Our June/July Cover Is Making Waves

Since Pointe previewed its June/July cover at a special event last week at Brooklyn’s MoCADA Museum, the internet has been abuzz. The Huffington Post, The Washington Post and Jezebel have all picked it up. Not to boast, but the image says it all: The three cover ballerinas—Dance Theatre of Harlem’s Ashley Murphy, Cedar Lake Contemporary Ballet’s Ebony Williams and American Ballet Theatre’s Misty Copeland—face the camera, making it clear by sheer beauty, strength and presence that the time to address ballet’s diversity problem is now. Inside, the dancers speak frankly about how race has intersected with their careers. “To a certain extent, race affects us all,” Murphy told writer Alicia Graf Mack, “whether we are willing to admit it or not.” The issue also takes a close look at what companies are doing to develop and recruit dancers of color, and salutes some of the greatest achievements in diversity—so far—in an exclusive vintage photo essay with rare images from our archives.

 

If you are not a subscriber, click here to pre-order your copy. If you are, the issue mails on May 13, and is well worth the wait.

Latest Posts


Maria Kochetkova. Darian Volkova, Courtesy Kochetkova

Maria Kochetkova on How COVID-19 Affected Her Freelance Career, and Her New Home at Finnish National Ballet

When international star Maria Kochetkova embarked on a freelance career three years ago, she never envisioned how a global pandemic would affect it. In 2018, the Russian-born ballerina left the security of San Francisco Ballet, a company she called home for more than a decade, for the globe-trotting life of a guest star. Before the pandemic, Kochetkova managed her own performing schedule and was busier than ever, enjoying artistic freedom and expanding her creative horizons. This all changed in March 2020, when she saw her booming career—and her jet-setting lifestyle—change almost overnight.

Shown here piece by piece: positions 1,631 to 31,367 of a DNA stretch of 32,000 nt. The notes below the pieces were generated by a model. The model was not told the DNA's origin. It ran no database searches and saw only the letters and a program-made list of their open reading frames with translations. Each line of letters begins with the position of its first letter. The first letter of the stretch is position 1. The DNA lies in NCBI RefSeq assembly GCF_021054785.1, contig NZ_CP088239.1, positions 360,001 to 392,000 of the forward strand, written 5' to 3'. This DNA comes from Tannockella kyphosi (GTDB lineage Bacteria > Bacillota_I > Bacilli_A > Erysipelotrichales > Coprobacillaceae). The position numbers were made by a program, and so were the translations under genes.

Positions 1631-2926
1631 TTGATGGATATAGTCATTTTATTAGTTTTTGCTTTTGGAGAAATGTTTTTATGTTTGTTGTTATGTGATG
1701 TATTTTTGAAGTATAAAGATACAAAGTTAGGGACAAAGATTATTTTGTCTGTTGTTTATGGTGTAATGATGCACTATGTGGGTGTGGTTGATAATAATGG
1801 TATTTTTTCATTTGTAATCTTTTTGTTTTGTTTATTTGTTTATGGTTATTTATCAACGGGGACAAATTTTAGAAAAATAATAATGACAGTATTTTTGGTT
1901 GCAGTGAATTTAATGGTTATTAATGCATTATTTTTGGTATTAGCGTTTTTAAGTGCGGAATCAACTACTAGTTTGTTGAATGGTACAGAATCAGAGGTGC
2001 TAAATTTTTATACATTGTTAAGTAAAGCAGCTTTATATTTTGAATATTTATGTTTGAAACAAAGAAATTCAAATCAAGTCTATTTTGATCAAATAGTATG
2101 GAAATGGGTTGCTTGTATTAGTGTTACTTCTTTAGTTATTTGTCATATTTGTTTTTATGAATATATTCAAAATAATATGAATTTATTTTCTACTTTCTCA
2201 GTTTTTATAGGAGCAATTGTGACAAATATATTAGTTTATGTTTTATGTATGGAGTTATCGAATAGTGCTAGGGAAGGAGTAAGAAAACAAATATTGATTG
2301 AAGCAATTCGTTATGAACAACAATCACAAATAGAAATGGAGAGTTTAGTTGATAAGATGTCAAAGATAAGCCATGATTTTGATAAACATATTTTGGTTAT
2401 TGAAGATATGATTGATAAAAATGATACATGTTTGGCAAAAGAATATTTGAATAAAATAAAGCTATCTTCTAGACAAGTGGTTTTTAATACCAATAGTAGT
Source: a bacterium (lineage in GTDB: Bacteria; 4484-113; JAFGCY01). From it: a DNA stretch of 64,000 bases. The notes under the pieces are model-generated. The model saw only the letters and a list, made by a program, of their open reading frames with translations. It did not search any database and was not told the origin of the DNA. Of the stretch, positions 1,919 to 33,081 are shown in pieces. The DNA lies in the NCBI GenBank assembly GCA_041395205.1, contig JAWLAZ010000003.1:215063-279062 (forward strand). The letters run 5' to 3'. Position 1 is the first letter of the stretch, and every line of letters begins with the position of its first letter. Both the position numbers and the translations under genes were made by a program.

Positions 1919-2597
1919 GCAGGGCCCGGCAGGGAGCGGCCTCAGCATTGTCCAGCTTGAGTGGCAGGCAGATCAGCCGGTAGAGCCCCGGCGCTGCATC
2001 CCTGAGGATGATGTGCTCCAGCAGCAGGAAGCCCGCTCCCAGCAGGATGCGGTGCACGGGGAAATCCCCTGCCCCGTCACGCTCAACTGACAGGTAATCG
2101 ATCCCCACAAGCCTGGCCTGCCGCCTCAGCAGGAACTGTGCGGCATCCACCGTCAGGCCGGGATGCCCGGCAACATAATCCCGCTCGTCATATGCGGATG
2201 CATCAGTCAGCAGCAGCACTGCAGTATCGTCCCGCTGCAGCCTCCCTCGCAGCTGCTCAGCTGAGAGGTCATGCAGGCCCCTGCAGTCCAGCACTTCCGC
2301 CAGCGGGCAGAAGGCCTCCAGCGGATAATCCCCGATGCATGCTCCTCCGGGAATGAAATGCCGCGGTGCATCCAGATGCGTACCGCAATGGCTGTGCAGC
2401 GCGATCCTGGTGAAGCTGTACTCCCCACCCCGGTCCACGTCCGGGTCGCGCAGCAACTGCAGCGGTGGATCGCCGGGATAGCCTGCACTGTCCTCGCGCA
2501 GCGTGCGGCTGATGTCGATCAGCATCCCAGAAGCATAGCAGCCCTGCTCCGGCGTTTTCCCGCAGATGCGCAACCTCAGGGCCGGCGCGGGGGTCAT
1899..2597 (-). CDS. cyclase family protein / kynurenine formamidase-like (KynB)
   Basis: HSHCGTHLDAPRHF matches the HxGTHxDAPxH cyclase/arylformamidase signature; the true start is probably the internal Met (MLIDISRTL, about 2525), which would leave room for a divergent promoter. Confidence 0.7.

After months of uncertainty, Kochetkova landed at Finnish National Ballet, where she is a principal dancer for the 2020–21 season. Pointe spoke with her about her time during the quarantine and what helped her to get through it, her new life in Helsinki, and what keeps her busy and motivated these days.

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DTH's Alexandra Hutchinson and Derek Brockington work out with trainer Lily Overmyer at Studio IX. Photo by Joel Prouty, Courtesy Hutchinson.

Working Out With DTH’s Alexandra Hutchinson

Despite major pandemic shutdowns in New York City, Alexandra Hutchinson has been HIIT-ing her stride. Between company class with Dance Theater of Harlem and projects like the viral video "Dancing Through Harlem"—which she co-directed with roommate and fellow DTH dancer Derek Brockington—Hutchinson has still found time to cross-train. She shares her motivation behind her killer high-intensity interval training at Studio IX on Manhattan's Upper West Side.

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Getty Images

As Ballet Looks Toward Its Future, Let's Talk About Its Troubling Emotional Demands

As a ballet student, I distinctively remember being told that to survive ballet as a profession, one must be exceptionally thick-skinned and resilient. I always assumed it was because of the physically demanding nature of ballet: long rehearsal hours, challenging and stressful performances, and physical pain.

It wasn't until I joined a ballet company that I learned the true meaning behind those words: that the reason one needs thick skin is not because of the physical demands, but because of the unfair and unnecessary emotional demands.

Undoubtedly, emotional and physical strength go hand in hand to some extent. But the kind of emotional demand I am talking about here is different; it is not the strength one finds in oneself in moments of fatigue or unwillingness. It is the strength one must have when being bullied, humiliated, screamed at, manipulated or harassed.

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